Retrofitting? How to choose double-glazing.

With double-glazing now required in new homes, awareness is growing of its value and more older homes are being retrofitted with double-glazing. It’s not a cheap improvement and sadly, many people are making bad choices that won’t perform well.

There are many different types of double glazing. The better performing ones:

  • Are argon-filled. Argon is a gas that is less conductive than air. It is present between the two panes of glass.
  • Have a low-e coating. Short for ‘low-emissivity’, this is an extremely thin metal-oxide layer that reflects long-wave radiant heat from inside back into the house, keeping things cosier in winter.
  • Have spacers separating the panes of glass that do not conduct heat effectively. They may be made out of plastic or stainless steel — not aluminium.
  • Have good quality seals.

Compared to standard double-glazing, argon fill will reduce heat loss by 3-9 per cent, and low-e coating by 20-30 per cent.

But it’s not just about the glass—so don’t rely on R-values measured through the centre of the pane when you are comparing different windows. Ask for the ‘whole window’ R-value, that accounts for the performance of the glazing, the frame and their relative proportions. (Also be aware that if you read information from European sources, these will quote U-values. This is the inverse of the R-value, so the lower the U-value the better.)

Avoid solid aluminium frames

The frame is crucially important. If you are replacing the whole window sash, the worst option is an aluminium frame that is not thermally broken. Aluminium conducts heat very effectively: so while your expensive double-glazed glass is much better at keeping heat in, heat is going to pour through the frame that holds it.

It’s not just about wasting the money you’ve spent heating. Because of the difference in temperature between the outside and inside of the aluminium, a lot of condensation is likely to form on the inside of the window frame. Condensation means damper air and that can cause significant health problems.

Better frame options

There are good alternatives to solid aluminium, some more affordable than others. At the top-end, there are brilliant European made units designed to last 80 years that have outstanding performance (and look amazing).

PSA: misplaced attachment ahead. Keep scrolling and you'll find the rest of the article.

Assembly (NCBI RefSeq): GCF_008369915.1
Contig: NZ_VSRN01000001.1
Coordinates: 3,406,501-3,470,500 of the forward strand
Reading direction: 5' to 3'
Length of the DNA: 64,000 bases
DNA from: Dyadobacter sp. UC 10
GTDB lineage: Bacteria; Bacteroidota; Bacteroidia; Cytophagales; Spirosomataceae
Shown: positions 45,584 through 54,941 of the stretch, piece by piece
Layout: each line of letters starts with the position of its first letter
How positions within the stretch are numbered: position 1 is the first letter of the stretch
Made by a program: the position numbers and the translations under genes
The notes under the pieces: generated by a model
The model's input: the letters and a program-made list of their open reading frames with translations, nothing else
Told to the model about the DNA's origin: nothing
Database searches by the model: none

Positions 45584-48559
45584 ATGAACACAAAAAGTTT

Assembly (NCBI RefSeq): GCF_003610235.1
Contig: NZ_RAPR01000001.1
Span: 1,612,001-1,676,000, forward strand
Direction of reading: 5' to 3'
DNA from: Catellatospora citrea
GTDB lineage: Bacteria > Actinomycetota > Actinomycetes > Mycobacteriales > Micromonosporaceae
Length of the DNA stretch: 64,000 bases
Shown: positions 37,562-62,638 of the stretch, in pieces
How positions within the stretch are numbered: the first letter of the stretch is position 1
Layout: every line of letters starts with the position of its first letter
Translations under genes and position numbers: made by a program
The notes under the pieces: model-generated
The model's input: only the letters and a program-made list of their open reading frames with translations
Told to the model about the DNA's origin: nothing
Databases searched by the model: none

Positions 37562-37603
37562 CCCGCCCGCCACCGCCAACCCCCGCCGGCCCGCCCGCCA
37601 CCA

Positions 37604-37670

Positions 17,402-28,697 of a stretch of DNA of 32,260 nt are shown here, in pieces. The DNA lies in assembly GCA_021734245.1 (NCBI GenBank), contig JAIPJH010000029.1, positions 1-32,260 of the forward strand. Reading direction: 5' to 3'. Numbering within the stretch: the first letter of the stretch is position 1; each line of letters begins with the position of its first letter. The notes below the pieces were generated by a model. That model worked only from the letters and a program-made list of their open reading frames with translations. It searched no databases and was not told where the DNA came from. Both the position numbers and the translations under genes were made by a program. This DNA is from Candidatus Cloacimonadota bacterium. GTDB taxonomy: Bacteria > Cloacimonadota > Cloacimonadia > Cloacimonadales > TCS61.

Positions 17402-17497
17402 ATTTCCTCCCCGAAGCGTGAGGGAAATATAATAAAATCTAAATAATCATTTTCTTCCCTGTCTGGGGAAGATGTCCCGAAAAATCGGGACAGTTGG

Wooden frames are naturally thermally broken. Wooden/aluminium composites are also available. These typically have a solid timber core, timber inside and aluminium outside, with a range of colours to choose from.

Aluminium frames can of course be thermally broken — several ways of achieving this are detailed here, with drawings. These reduce issues with condensation but still conduct more heat than other frame materials.

And uPVC frames are almost certainly cheaper and will perform better thermally — like timber, it reduces heat loss through the frame by about 40 per cent. Some uPVC products have had bad press in the past; certainly it must be constructed with New Zealand conditions in mind given the strength of UV light here and our climatic variations. With modern specifications and manufacturing, you can expect a 30-year lifetime.

Period joinery

If you have period timber joinery, you likely want to keep the existing sash. Specialist joiners can remove the timber sash and fit a double-glazed unit into the timber. But old joinery typically doesn’t seal very tightly, so be aware that you’ll lose heat and have draughts through the cracks around the windows.

Other considerations

Because window frames are the weakest point in any building’s thermal envelope (the outside shell of the building), larger windows will perform better than the same specifications in a smaller window because there is more glass area relative to the frame.

Fixed windows will also perform better than ones that open. The ability to open windows on opposite sides of the house is important, because it creates cross-ventilation that can very effectively cool a house in summer. But consider having more fixed windows on the south (cold) side of the house.

Remember too that our climates vary considerably and in much of the South Island, triple glazing is called for.

More reading

See how heat is lost through aluminium glazing.
ECCA has developed an ENERGY STAR rating for windows to help compare different products.
Baffled by talk of mullions, transoms, sashes and casements? There’s an excellent glossary on BRANZ’s Renovate website to help you identify different window components.
Renall Windows in Carterton manufacture European style wooden windows.
Eco Windows import top of the line European made windows (but no longer manufacture in NZ).

Chris Rowe is a Director of CORA Associates and a certified Passive House Designer.